McFarland has recently published an edited collection Beyond the Deck: Critical Essays on Magic: The Gathering and Its Influence, featuring a chapter by Jan Švelch about card previews as promotional materials and the related metagame discussions. The book, which comes out just in time for MTG’s 30th anniversary, was edited by Shelly Jones and includes contributions by a group of international scholars, covering issues ranging from mechanics and design to economies and competitions to player communities and themes beyond the game itself.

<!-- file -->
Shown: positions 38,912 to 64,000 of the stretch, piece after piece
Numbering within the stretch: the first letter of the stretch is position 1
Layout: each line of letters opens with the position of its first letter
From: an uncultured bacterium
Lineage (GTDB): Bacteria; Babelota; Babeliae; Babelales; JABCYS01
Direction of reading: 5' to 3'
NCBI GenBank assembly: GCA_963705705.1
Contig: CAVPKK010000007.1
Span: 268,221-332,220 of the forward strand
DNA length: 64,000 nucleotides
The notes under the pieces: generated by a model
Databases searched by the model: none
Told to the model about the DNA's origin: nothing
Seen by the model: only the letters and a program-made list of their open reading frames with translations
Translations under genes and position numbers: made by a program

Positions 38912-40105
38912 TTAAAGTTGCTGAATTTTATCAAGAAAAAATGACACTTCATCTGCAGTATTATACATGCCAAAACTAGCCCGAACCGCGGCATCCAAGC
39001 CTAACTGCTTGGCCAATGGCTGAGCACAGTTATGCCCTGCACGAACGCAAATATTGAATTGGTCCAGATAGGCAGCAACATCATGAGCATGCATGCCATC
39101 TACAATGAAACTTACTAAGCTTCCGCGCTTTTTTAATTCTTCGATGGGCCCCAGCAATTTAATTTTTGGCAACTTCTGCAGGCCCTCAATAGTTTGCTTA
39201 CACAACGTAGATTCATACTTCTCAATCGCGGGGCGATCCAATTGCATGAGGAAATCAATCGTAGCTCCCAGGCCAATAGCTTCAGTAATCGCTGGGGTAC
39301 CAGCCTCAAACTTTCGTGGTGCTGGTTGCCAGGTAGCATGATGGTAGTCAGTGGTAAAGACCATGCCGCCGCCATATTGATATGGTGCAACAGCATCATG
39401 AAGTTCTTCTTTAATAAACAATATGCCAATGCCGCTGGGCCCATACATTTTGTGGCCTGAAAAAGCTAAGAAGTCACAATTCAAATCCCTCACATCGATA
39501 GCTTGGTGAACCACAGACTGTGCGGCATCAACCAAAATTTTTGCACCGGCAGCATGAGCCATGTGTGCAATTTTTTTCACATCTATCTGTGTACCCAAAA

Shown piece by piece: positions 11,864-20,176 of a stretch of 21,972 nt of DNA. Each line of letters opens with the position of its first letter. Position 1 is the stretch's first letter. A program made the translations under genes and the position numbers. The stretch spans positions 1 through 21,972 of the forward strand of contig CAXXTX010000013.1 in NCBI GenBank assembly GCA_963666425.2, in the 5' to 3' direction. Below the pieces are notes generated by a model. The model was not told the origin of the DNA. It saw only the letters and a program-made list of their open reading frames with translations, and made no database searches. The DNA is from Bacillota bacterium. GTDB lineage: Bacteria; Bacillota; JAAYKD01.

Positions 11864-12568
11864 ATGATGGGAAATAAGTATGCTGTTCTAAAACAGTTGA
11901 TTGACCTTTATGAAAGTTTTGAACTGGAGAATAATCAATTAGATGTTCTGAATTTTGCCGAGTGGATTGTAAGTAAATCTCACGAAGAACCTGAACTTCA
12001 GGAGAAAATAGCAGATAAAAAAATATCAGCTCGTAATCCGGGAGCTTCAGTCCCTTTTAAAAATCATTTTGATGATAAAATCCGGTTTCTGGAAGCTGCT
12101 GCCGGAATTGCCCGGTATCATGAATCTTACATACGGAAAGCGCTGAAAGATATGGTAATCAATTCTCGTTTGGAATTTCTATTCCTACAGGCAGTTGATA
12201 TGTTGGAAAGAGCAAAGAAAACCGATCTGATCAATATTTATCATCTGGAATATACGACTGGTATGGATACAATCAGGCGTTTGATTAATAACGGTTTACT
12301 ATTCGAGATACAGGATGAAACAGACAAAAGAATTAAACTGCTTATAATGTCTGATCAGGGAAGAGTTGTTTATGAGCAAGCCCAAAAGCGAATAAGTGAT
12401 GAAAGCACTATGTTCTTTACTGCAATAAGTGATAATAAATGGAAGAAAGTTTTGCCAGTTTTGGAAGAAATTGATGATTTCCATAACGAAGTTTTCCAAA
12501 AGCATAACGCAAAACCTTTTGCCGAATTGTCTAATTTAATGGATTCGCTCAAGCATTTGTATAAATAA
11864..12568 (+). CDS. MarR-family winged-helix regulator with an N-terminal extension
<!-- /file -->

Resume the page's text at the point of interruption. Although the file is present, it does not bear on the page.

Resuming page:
In his chapter Spoiling the Future Metagame: The Promotional Logic and Reception of Card Previews in Magic: The Gathering, Jan Švelch analyzes the promotional function of card previews for the 2020 Q2 set Ikoria: Lair of Behemoths. His findings suggest that the promotional logic is closely connected to the game’s business model and that cards that are likely to have higher prices on secondary markets due to artificial scarcity such as rares and mythic rares are given more attention during the preview period. On the other hand, most of the so-called common cards were revealed at the tail end of the promotional campaign in one big batch. The publisher and content creators all benefit from hyping up the upcoming cards. This increases the interest in strategy content as well as drives pre-order prices before the cards could have been properly tested in play. The chapter also explores metagaming discussions by players, which are sparked by the card previews and allow fans to theorycraft and hypothesize about new decks and strategies before the metagame settles again.